A History of Political Economy

By John Kells Ingram | Go to book overview

CHAPTER II.
ANCIENT TIMES.

THE earliest surviving expressions of thought on economic subjects have come down to us from the Oriental theocracies. The general spirit of the corresponding type of social life consisted in taking imitation for the fundamental principle of education, and consolidating nascent civilisation by heredity of the different functions and professions, or even by a system of castes, hierarchically subordinated to each other according to the nature of their respective offices, under the common supreme direction of the sacerdotal caste. This last was charged with the traditional stock of conceptions, and their application for purposes of discipline. It sought to realise a complete regulation of human life in all its departments on the basis of this transmitted body of practical ideas. Conservation is the principal task of this social order, and its most remarkable quality is stability, which tends to degenerate into stagnation. But there can be no doubt that the useful arts were long, though slowly, progressive under this regime, from which they were inherited by the later civilisations,--the system of classes or castes maintaining the degree of division of labour which had been reached in those early periods. The leading members of the corporations which presided over the theocracies without doubt gave much earnest thought to the conduct of industry, which, unlike war, did not imperil their political pre-eminence by developing a rival class. But, conceiving life as a whole, and making its regulation their primary aim, they naturally considered most the social reactions which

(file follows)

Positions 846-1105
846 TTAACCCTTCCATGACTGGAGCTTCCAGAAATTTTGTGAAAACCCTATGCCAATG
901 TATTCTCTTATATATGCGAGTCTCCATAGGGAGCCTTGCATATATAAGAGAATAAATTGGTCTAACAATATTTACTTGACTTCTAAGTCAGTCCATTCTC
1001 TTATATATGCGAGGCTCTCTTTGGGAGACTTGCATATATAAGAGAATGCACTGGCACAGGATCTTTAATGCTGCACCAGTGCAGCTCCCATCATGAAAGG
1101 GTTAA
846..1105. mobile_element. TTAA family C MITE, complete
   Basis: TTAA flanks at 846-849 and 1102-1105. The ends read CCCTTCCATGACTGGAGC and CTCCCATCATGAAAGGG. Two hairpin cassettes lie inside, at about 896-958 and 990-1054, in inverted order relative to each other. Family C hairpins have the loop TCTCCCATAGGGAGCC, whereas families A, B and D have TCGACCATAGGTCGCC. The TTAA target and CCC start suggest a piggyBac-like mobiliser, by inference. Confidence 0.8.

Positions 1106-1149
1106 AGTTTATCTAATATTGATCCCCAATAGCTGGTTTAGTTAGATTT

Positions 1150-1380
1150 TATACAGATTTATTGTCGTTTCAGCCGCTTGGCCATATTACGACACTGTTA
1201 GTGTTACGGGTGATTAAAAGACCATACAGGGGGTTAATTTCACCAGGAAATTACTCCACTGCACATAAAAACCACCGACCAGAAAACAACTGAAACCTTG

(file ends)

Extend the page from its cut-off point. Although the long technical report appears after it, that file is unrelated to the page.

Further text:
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A History of Political Economy
Table of contents

Table of contents

  • Title Page iii
  • Preface. v
  • Bibliographical Note. xiv
  • Contents xvii
  • Chapter I - Introductory. 1
  • Chapter II - Ancient Times. 7
  • Chapter III - The Middle Ages. 24
  • Chapter IV - Modern Times: First and Second Phases. 32
  • Chapter V - Third Modern Phase: System of Natural Liberty. 55
  • Chapter VI - The Historical School. 196
  • Chapter Vil - Conclusion. 240
  • Index 247
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